Thursday, August 12, 2010


The realm of the minaiture is often the result of extreme patience, obsession with small things as well as the astounding results of time based hand works. Dalton Ghetti creates sculptures made entirely from the graphite lead at the tip of a pencil. The works are carved without any magnifying lens using only a standard sewing needle, a razor blade, a sharp sculpting knife and a very steady hand.

"The pencil tip is great; it's like a pure, very homogenous material," Ghetti said. "It cuts in the same direction, not like wood, which has a grain. But when I tell people how long it takes, that's when they don't believe it. That's what amazes people more... the patience. Because everything nowadays has to be fast, fast, fast.

Dalton Ghetti grew up in Brazil where he shapened his pencils for school with a razor or a pocketknife. Later his sculptures were large scale and made from stone. Gradually, however, they became smaller works in soap, candles and broom handles before being reduced to the point of a pencil. He now lives in Bridgeport Connecticut where he makes a modest living as a carpenter and spending his free time carving pencils. He never sells his works but sometimes gives them to his friends as gifts.

"When I'm inspired, I can sit down and things just flow". he said. "You can't force yourself to do those things. I do it just for fun, it's pretty much like a hobby, a kind of meditation work that I do."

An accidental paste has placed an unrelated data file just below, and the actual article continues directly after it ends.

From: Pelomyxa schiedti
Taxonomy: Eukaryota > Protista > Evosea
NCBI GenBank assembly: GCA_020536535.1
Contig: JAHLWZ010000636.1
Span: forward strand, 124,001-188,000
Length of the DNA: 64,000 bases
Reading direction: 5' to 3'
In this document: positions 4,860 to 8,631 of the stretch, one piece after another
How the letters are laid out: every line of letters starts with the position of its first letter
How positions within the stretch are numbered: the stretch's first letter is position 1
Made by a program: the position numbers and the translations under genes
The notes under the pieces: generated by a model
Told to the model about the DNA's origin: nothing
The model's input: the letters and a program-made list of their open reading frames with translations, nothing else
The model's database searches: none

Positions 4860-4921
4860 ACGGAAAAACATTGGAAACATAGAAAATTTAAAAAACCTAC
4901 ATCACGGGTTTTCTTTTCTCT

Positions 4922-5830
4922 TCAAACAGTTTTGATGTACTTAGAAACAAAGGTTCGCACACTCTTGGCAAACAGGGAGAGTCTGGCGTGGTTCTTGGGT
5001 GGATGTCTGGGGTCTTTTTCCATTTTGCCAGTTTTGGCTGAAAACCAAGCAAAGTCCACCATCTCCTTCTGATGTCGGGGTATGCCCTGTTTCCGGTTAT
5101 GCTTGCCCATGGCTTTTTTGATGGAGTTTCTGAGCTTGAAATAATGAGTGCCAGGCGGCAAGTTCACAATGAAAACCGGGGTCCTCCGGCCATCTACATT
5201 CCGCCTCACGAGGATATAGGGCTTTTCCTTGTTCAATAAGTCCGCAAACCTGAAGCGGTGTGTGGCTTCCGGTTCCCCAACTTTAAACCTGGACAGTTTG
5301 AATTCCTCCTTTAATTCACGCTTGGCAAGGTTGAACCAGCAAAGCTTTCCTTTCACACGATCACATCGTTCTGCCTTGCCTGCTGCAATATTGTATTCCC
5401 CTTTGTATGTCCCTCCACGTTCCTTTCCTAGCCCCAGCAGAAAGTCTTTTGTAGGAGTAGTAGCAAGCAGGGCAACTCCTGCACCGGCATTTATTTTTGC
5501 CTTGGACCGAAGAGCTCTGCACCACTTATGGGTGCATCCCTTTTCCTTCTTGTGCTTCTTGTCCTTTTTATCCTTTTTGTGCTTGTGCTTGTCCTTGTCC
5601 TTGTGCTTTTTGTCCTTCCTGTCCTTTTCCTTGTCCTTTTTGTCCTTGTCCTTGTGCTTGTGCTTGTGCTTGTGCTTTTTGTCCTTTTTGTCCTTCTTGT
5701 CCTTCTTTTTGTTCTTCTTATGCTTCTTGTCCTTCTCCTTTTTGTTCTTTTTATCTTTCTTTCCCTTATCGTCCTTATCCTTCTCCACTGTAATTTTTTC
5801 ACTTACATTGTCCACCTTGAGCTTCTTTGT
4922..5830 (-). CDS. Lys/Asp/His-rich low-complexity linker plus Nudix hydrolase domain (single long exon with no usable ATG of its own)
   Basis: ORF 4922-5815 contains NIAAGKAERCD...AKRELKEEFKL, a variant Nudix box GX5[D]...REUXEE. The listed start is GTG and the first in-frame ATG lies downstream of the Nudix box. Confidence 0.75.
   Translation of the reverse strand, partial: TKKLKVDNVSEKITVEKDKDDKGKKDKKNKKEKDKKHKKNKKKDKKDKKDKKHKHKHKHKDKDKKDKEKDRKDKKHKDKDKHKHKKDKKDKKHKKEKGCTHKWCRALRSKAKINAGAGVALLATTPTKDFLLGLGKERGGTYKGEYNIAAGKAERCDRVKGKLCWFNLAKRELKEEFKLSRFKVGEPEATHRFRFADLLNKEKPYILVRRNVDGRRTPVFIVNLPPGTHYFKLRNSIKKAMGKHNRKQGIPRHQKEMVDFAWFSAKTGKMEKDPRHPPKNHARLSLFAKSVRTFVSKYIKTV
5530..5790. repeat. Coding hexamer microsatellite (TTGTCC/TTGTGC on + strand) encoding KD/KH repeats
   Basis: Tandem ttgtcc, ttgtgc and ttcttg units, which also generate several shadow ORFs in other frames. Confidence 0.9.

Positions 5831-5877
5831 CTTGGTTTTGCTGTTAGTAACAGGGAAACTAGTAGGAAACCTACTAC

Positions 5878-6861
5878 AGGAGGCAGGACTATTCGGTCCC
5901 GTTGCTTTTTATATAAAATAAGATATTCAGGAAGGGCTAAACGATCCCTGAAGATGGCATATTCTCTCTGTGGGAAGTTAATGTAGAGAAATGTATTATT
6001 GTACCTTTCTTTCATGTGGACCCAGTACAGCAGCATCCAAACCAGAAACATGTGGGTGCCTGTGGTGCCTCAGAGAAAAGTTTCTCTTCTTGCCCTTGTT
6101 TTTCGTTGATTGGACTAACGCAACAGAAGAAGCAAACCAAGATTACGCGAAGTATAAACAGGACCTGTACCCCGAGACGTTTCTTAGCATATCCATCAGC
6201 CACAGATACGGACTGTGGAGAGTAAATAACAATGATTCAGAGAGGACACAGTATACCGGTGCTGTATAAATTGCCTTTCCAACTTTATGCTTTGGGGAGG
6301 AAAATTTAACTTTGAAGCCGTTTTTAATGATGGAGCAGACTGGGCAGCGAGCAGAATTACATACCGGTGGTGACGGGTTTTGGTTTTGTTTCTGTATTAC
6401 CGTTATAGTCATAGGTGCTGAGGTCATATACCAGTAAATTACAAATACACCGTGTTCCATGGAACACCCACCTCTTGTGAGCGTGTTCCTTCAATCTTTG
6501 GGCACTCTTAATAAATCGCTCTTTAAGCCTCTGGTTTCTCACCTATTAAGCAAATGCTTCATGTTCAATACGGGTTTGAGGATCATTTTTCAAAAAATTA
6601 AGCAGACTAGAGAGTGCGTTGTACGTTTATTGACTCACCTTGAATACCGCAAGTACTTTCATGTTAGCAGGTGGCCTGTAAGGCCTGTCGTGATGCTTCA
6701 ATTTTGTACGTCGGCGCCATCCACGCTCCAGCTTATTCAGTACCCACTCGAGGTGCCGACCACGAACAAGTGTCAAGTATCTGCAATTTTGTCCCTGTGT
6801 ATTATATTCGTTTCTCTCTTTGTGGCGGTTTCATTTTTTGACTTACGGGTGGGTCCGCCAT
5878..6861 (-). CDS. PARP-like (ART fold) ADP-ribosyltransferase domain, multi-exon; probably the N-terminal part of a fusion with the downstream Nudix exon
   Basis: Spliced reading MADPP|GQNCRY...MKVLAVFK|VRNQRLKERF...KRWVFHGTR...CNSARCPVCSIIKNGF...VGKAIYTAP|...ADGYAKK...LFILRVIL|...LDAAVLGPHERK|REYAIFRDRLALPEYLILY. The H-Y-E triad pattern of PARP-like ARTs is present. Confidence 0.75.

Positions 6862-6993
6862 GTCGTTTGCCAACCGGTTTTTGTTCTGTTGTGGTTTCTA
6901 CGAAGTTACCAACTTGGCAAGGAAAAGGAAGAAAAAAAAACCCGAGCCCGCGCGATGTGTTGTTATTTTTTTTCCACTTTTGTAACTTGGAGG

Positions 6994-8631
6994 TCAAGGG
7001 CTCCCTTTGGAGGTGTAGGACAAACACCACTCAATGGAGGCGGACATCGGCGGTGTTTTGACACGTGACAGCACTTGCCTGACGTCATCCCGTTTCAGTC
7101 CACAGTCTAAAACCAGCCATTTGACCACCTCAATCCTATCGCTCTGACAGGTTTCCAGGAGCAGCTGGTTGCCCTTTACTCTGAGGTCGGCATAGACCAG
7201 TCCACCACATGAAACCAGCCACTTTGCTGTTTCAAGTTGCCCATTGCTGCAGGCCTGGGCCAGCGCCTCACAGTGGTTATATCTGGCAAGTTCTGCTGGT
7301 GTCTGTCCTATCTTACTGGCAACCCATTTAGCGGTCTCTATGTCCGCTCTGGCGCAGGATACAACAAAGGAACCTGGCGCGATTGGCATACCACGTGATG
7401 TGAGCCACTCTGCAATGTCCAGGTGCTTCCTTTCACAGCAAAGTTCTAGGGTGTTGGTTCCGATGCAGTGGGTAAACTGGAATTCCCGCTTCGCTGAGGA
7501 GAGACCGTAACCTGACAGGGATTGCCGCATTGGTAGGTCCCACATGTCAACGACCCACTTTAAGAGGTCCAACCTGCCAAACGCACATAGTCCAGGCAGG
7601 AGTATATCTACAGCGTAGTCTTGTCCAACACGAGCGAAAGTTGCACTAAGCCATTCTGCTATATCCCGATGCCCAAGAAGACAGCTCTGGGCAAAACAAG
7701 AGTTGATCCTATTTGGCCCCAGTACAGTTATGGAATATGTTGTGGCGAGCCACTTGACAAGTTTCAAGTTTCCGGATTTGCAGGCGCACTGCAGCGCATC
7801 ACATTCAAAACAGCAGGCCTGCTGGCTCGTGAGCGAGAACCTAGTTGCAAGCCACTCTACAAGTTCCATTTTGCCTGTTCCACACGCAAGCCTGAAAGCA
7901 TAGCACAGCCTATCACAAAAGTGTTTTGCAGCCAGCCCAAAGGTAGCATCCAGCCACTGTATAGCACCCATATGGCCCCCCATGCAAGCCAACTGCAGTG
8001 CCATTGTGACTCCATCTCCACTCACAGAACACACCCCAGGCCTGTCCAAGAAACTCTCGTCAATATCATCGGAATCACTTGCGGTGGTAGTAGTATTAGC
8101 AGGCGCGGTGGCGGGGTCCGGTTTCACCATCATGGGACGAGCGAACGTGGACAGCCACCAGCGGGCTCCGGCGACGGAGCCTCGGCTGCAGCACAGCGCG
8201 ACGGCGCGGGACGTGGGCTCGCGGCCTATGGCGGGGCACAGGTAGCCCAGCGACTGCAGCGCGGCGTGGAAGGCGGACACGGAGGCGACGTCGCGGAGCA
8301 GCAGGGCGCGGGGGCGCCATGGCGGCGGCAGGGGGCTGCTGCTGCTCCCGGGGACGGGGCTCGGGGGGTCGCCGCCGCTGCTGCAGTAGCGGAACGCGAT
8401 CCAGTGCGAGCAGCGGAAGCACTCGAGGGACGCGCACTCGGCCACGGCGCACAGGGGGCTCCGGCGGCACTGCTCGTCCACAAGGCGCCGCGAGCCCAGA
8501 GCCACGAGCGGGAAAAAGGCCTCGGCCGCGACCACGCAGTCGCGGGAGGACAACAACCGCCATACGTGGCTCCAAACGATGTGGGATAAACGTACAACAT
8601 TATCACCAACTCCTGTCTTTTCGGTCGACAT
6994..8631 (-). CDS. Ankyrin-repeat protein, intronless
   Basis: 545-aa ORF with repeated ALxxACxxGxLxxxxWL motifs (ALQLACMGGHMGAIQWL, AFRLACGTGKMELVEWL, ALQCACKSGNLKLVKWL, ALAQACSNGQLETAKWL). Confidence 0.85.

"I do it from my heart, I do it when I feel like... and I pretty much do it for myself", he said. "It's my own interest in the small things in life that drove me to call people's attention to them.

One work is a series of pencils each with a letter from the alphabet at the tip of each pencil. Each letter took a month to carve. Sometimes they break but are placed in his "graveyard collection" ... a group of works glued to pins and stuck into a piece of styrofoam.

"It would drive me mad when I would be just a bit too heavy handed and the pencil's tip would break. I would get very nervous sometimes, particularly when the piece was almonst finished, and then I would make a mistake.

"I decided to change the way I thought about the work - when I started a new piece my attitude would be 'well, this will break eventually but let's see how far I get.'... It helped me break less pencils, although I still do break them, it's not as often.

"Normally I'll start a different piece, but there was a hammer I was sculpting and I broke it about five or six times and I couldn't rest until it was done. 

"Also, I never buy the pencils, my friends are always giving me them to sculpt on. Sometimes I use ones I find in the street."

About his "graveyard collection" he said, "People might think it's weird I keep them but they're still interesting. I worked on them for months so they might be dead now but at one point I gave them life."

Mr. Ghetti has made over 100 carvings, and is currently working on an epic piece inspired by the September 11 attacks on the World Trade Center.

He said, "When September 11 happened I was in tears all day and couldn't do much for a while. I decided to make a teardrop pencil carving for each of the people who died in the attack.. about 3,000. I have carved one every day, it takes me about an hour.

"When I'm done they will form one big tear drop. It will take me about 10 years but it will be worth it."

Also read the NY Times article about his works...

Tuesday, August 3, 2010